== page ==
A Tracked Excavator Deposits Soil In A Front-loading Dumper In A Field Near Montacute House In Somerset.

SRA partners work to reduce Somerset flood risks

Somerset Rivers Authority is to spend £3.44 million on 21 projects giving Somerset residents greater flood protection and resilience.

Towns, villages and rural river catchments across Somerset, from Dulverton in the west to Beckington in the east, will benefit from the SRA’s 2021-22 Enhanced Programme of works.

The programme includes new investments in major schemes to reduce flood risks from rivers, reinforced by a significant number of measures to help slow the flow of water down through catchments.

SRA partners will also tackle road flooding problems, develop urban action plans and support local communities and businesses.

The money comes from three sources:

  • £2.66 million of the 2021-22 council tax raised for the SRA by Somerset County Council and Mendip, Sedgemoor, Somerset West and Taunton, and South Somerset district councils;
  • £20,000 contributed by the Axe Brue and Parrett Internal Drainage Boards (IDBs);
  • and £780,000 moved especially from the SRA’s contingency fund to allow more projects to proceed.

The SRA’s share of the council tax charge has not increased since 2016, when it was introduced.

The SRA’s local funding has so far enabled Somerset to benefit from an extra 199 schemes and activities designed to reduce the severity and impact of all types of flooding.

Cllr David Hall, Chair of Somerset Rivers Authority, said: “Different parts of Somerset have different challenges with flooding, so we need to tackle those challenges in appropriate ways, and bring people together to achieve the best results.

“Our new Enhanced Programme gets more partners than ever before working together on a range of SRA-funded activities. For example, around Shepton Mallet and Croscombe, where flooding occurred last October, we’re going to be looking in great detail at the entire River Sheppey catchment to try to address what needs to be done there to help protect people’s homes and businesses.

“I’m hugely proud of the work of the SRA. It’s a great example of real partnership working in action.”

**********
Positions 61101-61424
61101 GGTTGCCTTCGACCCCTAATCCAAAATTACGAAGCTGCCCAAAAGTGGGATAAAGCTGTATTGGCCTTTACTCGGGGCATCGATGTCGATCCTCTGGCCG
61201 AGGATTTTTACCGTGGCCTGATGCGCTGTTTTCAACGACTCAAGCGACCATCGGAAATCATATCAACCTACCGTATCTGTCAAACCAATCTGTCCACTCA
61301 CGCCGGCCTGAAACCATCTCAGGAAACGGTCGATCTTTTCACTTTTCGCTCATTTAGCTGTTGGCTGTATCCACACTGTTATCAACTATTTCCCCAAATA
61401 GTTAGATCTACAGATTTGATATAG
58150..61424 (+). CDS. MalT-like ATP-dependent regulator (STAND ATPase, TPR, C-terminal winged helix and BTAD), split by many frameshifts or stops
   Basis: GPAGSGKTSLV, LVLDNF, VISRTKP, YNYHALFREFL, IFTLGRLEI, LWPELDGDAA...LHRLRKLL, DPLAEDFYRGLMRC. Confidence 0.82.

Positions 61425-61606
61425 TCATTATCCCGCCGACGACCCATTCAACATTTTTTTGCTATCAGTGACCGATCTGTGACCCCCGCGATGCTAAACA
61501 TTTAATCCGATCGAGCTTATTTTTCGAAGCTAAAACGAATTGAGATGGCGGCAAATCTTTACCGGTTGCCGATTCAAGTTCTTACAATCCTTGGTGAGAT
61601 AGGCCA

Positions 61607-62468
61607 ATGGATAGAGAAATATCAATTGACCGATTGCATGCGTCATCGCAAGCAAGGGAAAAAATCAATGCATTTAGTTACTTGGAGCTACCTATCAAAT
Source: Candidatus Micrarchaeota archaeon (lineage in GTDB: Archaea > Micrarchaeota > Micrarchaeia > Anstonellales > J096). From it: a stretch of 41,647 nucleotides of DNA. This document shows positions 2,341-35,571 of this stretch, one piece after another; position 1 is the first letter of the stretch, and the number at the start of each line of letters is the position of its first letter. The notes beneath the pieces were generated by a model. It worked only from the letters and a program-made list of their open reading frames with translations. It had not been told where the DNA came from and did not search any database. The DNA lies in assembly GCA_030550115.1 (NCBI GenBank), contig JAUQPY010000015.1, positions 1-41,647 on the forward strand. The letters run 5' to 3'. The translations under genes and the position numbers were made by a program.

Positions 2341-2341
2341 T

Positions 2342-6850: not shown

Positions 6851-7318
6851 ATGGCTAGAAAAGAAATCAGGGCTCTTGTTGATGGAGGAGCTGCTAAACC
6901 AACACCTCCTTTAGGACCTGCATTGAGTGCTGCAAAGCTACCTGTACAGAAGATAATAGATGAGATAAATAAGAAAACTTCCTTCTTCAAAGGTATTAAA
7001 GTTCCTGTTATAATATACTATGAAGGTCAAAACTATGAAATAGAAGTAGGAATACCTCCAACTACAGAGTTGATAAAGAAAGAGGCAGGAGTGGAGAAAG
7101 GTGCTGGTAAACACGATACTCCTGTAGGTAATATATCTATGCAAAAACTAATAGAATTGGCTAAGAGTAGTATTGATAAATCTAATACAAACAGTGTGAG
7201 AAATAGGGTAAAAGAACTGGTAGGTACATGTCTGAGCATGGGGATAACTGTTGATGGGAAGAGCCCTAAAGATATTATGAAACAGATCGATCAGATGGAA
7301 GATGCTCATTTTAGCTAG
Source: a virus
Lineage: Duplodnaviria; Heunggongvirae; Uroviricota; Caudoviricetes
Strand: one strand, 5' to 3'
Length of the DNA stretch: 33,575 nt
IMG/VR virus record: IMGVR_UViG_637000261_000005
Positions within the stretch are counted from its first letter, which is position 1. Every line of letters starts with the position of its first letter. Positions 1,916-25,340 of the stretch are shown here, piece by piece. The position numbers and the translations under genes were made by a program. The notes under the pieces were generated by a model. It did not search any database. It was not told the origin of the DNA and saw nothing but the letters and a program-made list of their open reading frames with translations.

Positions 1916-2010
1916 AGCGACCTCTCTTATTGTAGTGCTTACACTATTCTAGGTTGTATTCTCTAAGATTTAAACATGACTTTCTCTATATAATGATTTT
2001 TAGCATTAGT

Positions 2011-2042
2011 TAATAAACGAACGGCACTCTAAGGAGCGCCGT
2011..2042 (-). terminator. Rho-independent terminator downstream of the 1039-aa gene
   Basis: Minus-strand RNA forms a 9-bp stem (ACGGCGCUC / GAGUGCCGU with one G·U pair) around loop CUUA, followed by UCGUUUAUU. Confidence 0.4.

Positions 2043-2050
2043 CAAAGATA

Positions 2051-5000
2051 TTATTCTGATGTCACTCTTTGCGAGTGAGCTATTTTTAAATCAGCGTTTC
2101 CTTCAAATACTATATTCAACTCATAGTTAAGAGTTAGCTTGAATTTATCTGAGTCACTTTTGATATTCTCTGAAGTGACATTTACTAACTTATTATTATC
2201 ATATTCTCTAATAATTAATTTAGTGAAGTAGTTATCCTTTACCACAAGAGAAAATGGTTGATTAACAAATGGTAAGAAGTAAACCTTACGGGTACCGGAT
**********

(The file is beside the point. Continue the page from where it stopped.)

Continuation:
The main partners in Somerset Rivers Authority are the county council and the four district councils, the two IDBs, the Environment Agency, Natural England and the Wessex Regional Flood & Coastal Committee.

Other bodies involved with the SRA’s 2021-22 Enhanced Programme include the Farming & Wildlife Advisory Group SouthWest, Wessex Water, the National Trust, the Beaver Trust, Exeter University, Somerset Wildlife Trust, Westcountry Rivers Trust, the Wildfowl & Wetlands Trust, town and parish councils, flood groups, moor associations, local societies, farmers and businesses.

All SRA activities are designed to deliver the objectives of Somerset’s 20 Year Flood Action Plan, which was drawn up during the devastating floods of 2014.

The 2021-22 Enhanced Programme therefore includes contributions to the Bridgwater Tidal Barrier project, led by the Environment Agency and Sedgemoor District Council, and to the SRA’s own River Sowy-King’s Sedgemoor Drain Enhancements Scheme, as these two initiatives will help to protect thousands of homes and businesses.

In addition the SRA is part-funding the design of a 125-hectare floodplain restoration scheme in the upper catchment of the River Aller in West Somerset, which will help the National Trust to reduce flood risks for nearly 100 properties downstream in places such as Allerford and Bossington.

Places to benefit from drainage improvements will include part of the busy A358 near Combe Florey, Creech St Michael near Taunton, and Beckington near Frome. Work in Beckington follows a major SRA-funded investigation into almost every aspect of flooding and foul sewer problems around the village.

New studies in 2021-22 will focus on Dulverton’s damaged Weir and Leat, the whole of Minehead, and the large part of Burnham-on-Sea that feeds into the lakes at Apex Leisure & Wildlife Park and Haven Holiday Park.

The SRA is also part-funding the development of a Somerset Beaver Strategy, because while beavers’ activities can help to reduce flood risks and bring many benefits, in some places and situations they can have undesirable consequences. The SRA’s aim is that people on all sides of the debate about beavers should be well-informed, so that evidence-based and science-led decisions can be taken about possible courses of action, and suitable planning and management agreed.

Some parts of the 2021-22 Enhanced Programme will take more than a year to design and deliver. More information can be found in the Flood Risk Work section of the Somerset Rivers Authority website.

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